Sewer gas in bathroom when attic fan is on. Found a dead critter

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JeffeVerde

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I'm suddenly smelling sewer gas in a bathroom when the attic fan is on, and I can't figure out the source (and yes, I flushed :p ). We use the attic fan daily, and the smell just started today. Turn the attic fan on, and you get the sewer gas within a minute or two. Turn the fan off, and once the smell dissipates there's no more sewer gas smell. I have -
  • run water at all the fixtures to ensure the traps are full
  • filled the sinks and tub with water and blocked the overflows
  • cleaned the traps on both sinks
The really odd thing is that the smell is strongest at the bathroom entrance, and I don't detect the smell at either of the sinks - even when I had the traps off.

The attic fan blows into the attic and then passively vents through the gable and ridge vents. So the attic is pressurized when the fan is on. The house was built in 2014 and it has ABS waste piping.

What's the next step? I'm stumped.
 

wwhitney

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Does the bathroom have a window, and if you open it first does the attic fan still cause the smell?

Is there a smell in the attic before you turn the attic fan on?

Cheers, Wayne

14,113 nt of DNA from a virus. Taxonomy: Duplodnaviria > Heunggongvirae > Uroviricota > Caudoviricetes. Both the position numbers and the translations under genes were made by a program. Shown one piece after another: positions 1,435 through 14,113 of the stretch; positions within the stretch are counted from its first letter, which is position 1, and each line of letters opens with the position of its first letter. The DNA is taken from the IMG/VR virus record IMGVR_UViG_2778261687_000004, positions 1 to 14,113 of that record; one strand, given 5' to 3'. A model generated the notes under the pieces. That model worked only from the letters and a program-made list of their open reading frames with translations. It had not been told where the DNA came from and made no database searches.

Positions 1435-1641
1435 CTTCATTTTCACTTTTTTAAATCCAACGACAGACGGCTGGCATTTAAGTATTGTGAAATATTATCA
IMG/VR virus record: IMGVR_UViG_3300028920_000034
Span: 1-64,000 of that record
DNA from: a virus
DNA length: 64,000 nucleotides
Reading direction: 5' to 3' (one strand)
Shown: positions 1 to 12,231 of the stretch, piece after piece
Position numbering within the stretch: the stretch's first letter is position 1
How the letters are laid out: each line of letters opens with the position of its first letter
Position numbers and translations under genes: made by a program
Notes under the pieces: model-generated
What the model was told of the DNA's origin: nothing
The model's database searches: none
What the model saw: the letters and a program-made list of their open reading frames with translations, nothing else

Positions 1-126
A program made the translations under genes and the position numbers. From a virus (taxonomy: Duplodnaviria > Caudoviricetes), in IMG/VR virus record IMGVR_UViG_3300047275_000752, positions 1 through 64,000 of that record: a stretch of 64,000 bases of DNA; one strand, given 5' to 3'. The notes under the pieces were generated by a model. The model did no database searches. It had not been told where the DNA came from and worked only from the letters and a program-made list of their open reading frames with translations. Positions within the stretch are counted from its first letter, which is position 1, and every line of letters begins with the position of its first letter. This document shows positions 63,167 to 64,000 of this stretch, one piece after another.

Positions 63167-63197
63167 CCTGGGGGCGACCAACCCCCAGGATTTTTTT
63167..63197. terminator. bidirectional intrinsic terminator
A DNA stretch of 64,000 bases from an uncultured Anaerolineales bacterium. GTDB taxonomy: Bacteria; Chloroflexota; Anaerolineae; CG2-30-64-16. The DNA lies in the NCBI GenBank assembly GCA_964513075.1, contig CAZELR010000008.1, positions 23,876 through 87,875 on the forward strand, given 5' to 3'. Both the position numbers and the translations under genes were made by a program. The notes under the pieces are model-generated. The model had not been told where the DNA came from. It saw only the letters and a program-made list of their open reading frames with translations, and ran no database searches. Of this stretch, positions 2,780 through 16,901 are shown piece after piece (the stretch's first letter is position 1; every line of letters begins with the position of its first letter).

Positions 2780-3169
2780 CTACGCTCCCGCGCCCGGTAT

WorthFlorida

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Something changed recently. May not have as many windows open as before and you're pulling air through a traps though it is filled with water. Possible a vent pipe fitting was not cemented and came apart in the wall or crawl space? It's all a wild ass guess.

A possibility is the roof vent is nearby the bathroom window. With the right wind direction the odor is coming out of the roof vent and getting pulled into the home through a window. It is what Wayne is suggesting.

Get some punks. They make smoke so you can see where the airflow (odor) might be coming from. Search on Amazon "Un-scented 100 pack stick incense". You might find them in stores selling halloween stuff this time of the year.
 

wwhitney

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you're pulling air through a traps though it is filled with water.